“Position before submission.”
Those were the words spoken to me by an instructor in a martial arts class as I steadily ratcheted the force on my opponent in an attempt to make him tap out and thus end the match. The problem was not in a lack of force, but in the subtle details of the placement of the force. A corrective nudge with my elbow, a shift in my body posture and then a slight angle change caused a sharp cry of pain followed by the frantic slapping of my leg by my opponent’s hand. The submission followed the position.
What is true in physical combat is also true in spiritual battle.
To the church at Ephesus, Paul writes, “For we do not wrestle against flesh and blood, but against the rulers, against the authorities, against the cosmic powers over this present darkness, against the spiritual forces of evil in the heavenly places” (Ephesians 6:12). We wrestle against evil. We grapple with it. We do not participate in sterile, long-distance attack but heated, hand-to-hand, close-quarter combat. Satan works to position us for our fall. He is both sneaky and strategic. We are warned to “stand against the schemes of the devil” (Ephesians 6:11). He has wiles and deceitful plots fabricated for humanity as a whole, but also personalized for you.
Those crafty, evil plans executed with patience are designed to lead us astray, not only in the moment of submission, but in the time of positioning. We expect a frontal assault, not a systematic reduction of our defenses.
We make the mistake of believing Satan will always come as a roaring lion instead of an angel of light (1 Peter 5:8, 2 Corinthians 11:14).
Sometimes the subtlety is astounding.
James 1:17 shows us that every good and perfect gift comes from God (an idea I have expounded upon more here), but Satan would love for us to turn a good gift bad and cause us to stumble over the good thing God has given.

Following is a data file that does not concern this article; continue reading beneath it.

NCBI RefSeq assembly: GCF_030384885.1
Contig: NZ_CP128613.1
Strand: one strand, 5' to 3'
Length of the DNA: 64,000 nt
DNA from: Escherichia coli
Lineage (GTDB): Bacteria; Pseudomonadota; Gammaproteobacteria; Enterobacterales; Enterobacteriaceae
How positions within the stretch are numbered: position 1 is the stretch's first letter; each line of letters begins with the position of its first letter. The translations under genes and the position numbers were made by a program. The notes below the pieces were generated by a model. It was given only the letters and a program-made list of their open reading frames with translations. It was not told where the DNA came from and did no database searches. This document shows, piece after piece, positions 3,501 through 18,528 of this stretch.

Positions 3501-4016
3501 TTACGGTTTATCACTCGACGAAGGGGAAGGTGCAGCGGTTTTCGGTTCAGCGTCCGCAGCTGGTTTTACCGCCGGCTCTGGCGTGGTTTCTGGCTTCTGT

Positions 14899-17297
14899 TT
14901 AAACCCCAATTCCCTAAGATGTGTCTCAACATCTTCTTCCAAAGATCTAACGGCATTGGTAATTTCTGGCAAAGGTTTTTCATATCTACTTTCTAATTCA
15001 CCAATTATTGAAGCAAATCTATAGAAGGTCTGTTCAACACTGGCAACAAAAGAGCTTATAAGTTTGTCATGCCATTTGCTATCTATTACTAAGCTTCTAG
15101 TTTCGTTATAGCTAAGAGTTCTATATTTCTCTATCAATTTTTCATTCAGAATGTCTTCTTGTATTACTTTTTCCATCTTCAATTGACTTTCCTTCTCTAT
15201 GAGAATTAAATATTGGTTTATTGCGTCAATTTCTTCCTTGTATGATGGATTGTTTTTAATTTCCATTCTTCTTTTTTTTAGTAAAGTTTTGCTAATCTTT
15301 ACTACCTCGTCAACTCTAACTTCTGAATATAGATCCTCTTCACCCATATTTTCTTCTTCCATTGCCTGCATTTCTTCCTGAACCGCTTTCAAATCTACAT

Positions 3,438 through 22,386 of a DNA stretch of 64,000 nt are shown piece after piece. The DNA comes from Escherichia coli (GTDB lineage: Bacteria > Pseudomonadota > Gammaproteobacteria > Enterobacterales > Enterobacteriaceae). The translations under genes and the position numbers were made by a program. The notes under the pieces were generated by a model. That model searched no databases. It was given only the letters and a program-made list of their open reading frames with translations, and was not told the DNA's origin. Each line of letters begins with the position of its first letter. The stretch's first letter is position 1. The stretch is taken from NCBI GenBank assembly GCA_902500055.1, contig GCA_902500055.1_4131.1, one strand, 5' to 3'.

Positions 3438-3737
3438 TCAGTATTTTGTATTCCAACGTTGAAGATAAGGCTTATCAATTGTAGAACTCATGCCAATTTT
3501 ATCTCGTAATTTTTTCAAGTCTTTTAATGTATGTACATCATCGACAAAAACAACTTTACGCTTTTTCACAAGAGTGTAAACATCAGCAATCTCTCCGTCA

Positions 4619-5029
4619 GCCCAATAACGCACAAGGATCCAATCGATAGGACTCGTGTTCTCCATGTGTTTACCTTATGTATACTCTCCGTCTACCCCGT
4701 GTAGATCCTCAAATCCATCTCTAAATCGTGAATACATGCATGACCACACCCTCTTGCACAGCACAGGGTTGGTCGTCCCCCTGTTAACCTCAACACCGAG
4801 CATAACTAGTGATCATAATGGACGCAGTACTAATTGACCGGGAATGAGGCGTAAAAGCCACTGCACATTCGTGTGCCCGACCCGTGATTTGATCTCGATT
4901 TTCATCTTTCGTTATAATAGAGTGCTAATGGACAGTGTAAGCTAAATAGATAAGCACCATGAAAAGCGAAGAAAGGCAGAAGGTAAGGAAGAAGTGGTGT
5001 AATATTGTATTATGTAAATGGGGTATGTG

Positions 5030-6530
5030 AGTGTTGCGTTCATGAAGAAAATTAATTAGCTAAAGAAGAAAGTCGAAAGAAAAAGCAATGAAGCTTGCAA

“But wait,” some would object. “But every good gift is from God, and Satan always works against the things of God! How could those things be used that way?”
Some things we view as good may not be truly from God, and some good things from God can be used by our flesh (the habits of who you are before you know Christ or that unredeemed part of our humanity) and used by Satan to work against us. But the thing we must remember is this: Satan will allow us to enjoy a short-term victory in order to lead us to a long-term failure.
That is a “blessing from below.” You undertake a cause, begin a relationship or move in a direction, and Satan might fight you at every step…or he just might allow you to have success in that particular area, and you move forward unimpeded not realizing that his plan is a push toward destruction made easy by your forward momentum.
When I learned to drive, my father taught me that, at night, I could accelerate beyond my speed to react to the limited amount of road I could see in the headlights. I could “outrun my light.” In the same way, Satan sometimes removes constraints so you can run freely, only to outrun your ability to slow down and careen out of control.
Sometimes the victory is used as part of the attack.
There is an old Japanese proverb: “After victory, tighten your helmet cords.” Success does not always eliminate the threat entirely. Dropping one’s guard can result in a renewed assault. The best course of action is vigilance in victory – tightening the helmet cords. When you win a spiritual battle, you are vulnerable to attacks because the tendency is to relax and strip off your armor. A win can be as deadly as a loss.
Few things will embitter you as quickly as someone else’s success, and few things will blind you as quickly as your own. The ease of success is not always from God. Satan will allow you to set yourself up for a fall by permitting success while knowing your flesh will seek to betray you. Your flesh will never be satisfied with spiritual wins, but will seek self-destructive gains. The ever-present traitor waits and works to destroy your spiritual well-being. Your flesh is loyal to the old you. Your flesh resists the regime change.
The blessing from below comes not only in the form of fighting the reception of the good thing, but in allowing you to pursue that good thing in the wrong way. Evil does not always come knocking at our front door in an attempt to cause us to hate God in an outright fashion; often it slips in the back door and distracts us with other, lesser things.
We might not hate God, but it is just as destructive to love other things more than Him.
So how do ready ourselves?
Set you mind and be on guard against the blessings from below (1 Peter 1:13).
Test all things (1 Thessalonians 5:21).
Walk with care (Ephesians 5:15-16).
Your enemy will help water your garden knowing that it can grow to the point where it blocks out your view of the sun.